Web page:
► Gavin Green on why Toyota has no design DNA
► The Avensis is the king of the average
► Toyota no longer make pretty cars, like the Mk1 Celica
The month began driving an old Blower Bentley and finished in a new Toyota Avensis. So if variety is the spice of life, that month was a full-blown vindaloo experience with extra chillies and a double dash of ginger, cardamom and saffron thrown in.
The 1929 Blower is one of the most exciting cars I’ve driven, up there with the F40 and McLaren F1. Tall, imposing, loud, gutsy, absurdly valuable (£15 million said the nice man from Bentley – it was Tim Birkin’s very car); plus complicated to use, arse-kickingly uncomfortable, wind-blown, gruff and Spartan. It needed a deft touch to drive (not least precise double-declutch gear shifts) and a heavy hand to steer.
The Avensis is none of these things. In fact, I’m not sure I can remember a single thing about it. As innocuous as magnolia paint, as memorable as last week’s weather forecast, and as distinctive as a British High Street, it is one of those averagely good cars at which Toyota specialises: averagely good steering, ride, handling, seat comfort, performance, fuel economy, styling, spaciousness, refinement etc, and will no doubt give years of loyal service before ending its life on the minicab circuit, pine air-freshener dangling from (cracked) rear-view mirror.
It’s the Daily Mail or the M&S underwear of cars, aimed at Mr and Mrs Average. Thus the UK target is men 5ft 9in tall who support Manchester United, weigh 12 stone 8lb, watch more than 40,000 hours of television in their lives, live in Swindon, holiday in Spain, have 1.8 children, have a 50% chance of getting divorced, watch Coronation Street and EastEnders, don’t exercise, believe in God but don’t go to church and have sex just once a month if over 40 – but 200 times a year during their early years of marriage. (Information kindly supplied by the Department of Trade’s Adultdata survey and the Office of National Statistics).
The Blower, on the other hand, was a favoured tool of the Bentley Boys who lived in Belgravia or in stately piles in Surrey, drank Veuve Clicquot, never visited Swindon, died young (and often spectacularly) and, although there are no statistics to support this, were playboys and probably enjoyed active sex lives.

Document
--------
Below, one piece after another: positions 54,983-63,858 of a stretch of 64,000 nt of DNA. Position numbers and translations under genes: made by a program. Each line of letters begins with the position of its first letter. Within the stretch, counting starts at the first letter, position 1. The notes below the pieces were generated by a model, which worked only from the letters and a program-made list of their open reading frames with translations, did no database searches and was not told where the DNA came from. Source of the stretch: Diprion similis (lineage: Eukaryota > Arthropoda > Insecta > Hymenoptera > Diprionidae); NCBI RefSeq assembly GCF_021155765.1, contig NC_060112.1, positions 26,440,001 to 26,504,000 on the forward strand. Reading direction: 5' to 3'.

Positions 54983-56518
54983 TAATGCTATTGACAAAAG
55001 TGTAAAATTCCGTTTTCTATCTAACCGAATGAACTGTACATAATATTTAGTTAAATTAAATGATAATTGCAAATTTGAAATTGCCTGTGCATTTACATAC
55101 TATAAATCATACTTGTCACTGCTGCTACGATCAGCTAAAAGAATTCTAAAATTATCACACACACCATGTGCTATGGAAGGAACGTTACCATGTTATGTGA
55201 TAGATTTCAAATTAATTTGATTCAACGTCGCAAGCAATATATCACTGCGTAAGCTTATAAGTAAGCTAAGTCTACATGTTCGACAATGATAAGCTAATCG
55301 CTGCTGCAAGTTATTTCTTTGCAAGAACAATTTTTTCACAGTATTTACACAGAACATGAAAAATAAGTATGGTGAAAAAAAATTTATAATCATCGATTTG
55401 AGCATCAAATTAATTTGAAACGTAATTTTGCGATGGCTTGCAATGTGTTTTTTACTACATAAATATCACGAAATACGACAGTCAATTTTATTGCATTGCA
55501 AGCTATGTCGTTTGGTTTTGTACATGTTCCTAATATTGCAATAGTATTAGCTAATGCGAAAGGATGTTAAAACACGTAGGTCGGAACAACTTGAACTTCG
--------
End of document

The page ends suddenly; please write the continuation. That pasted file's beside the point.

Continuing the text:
Excitement, however, is not a universally loved quality, as Toyota’s engineering department – who must studiously research the law of averages – clearly realise. I don’t know about you, but I don’t always want excitement when driving: palms sweating, heart racing, adrenaline pumping, blood curdling and fingers twitching. For those happy to put on Planet Rock – or more likely Radio 2 – as they drive from Swindon ferrying their 1.8 children to the airport to catch the EasyJet to Alicante, an Avensis is just fine, thank you.
I’ve always liked Toyota. My first car was a ’70s Celica – ‘the Japanese Mustang’ – bought (in Australia) because it was pretty, cheap and had two doors. Earlier, I towed my first single-seat racing car with my dad’s FJ40 Land Cruiser. That early Cruiser remains one of the world’s best go-anywhere vehicles, and almost certainly the toughest.
Sadly, Toyota no longer makes a car as pretty as the Mk1 Celica or as characterful as the old FJ Cruiser. The Avensis, ironically, looks like every other car on the road yet – when you examine it closely – like no other Toyota. This is because Toyota has no ‘design DNA’. Its designs are as ever-changing as David Beckham’s hairdo, but without the style. Its design language floats, without direction, like a cherry blossom in a spring breeze, and is frequently as ephemeral.
Though anonymous of style, they are often innovative in substance. The Prius pioneered hybrids. The Lexus LS400 instantly leapfrogged ‘the best car in the world’ (Merc S-class) in refinement and quality, an extraordinary achievement. The RAV4 was the first compact crossover SUV, delightfully small in its original guise, sadly boated in subsequent iterations. Or take the first highly entertaining MR2, also debased as it evolved, gaining heft and losing agility.
My month also included driving the new Mazda MX-5. Here, happily, is one car that carries forward its original Mk1 charm, uncorrupted by modern day obesity and some regrettable engineering trends. Light, small and rear-drive – so that’s the three key ‘fun to drive’ engineering qualities ticked – it is also naturally aspirated, so no turbo lag to deaden the driving joy. It’s a car that mingles excitement and usability, although in no way is it aimed at Mr Average or at a Bentley Boy who’d no doubt be a bit sniffy at the low price and the effortless way it drives.
Read more CAR magazine features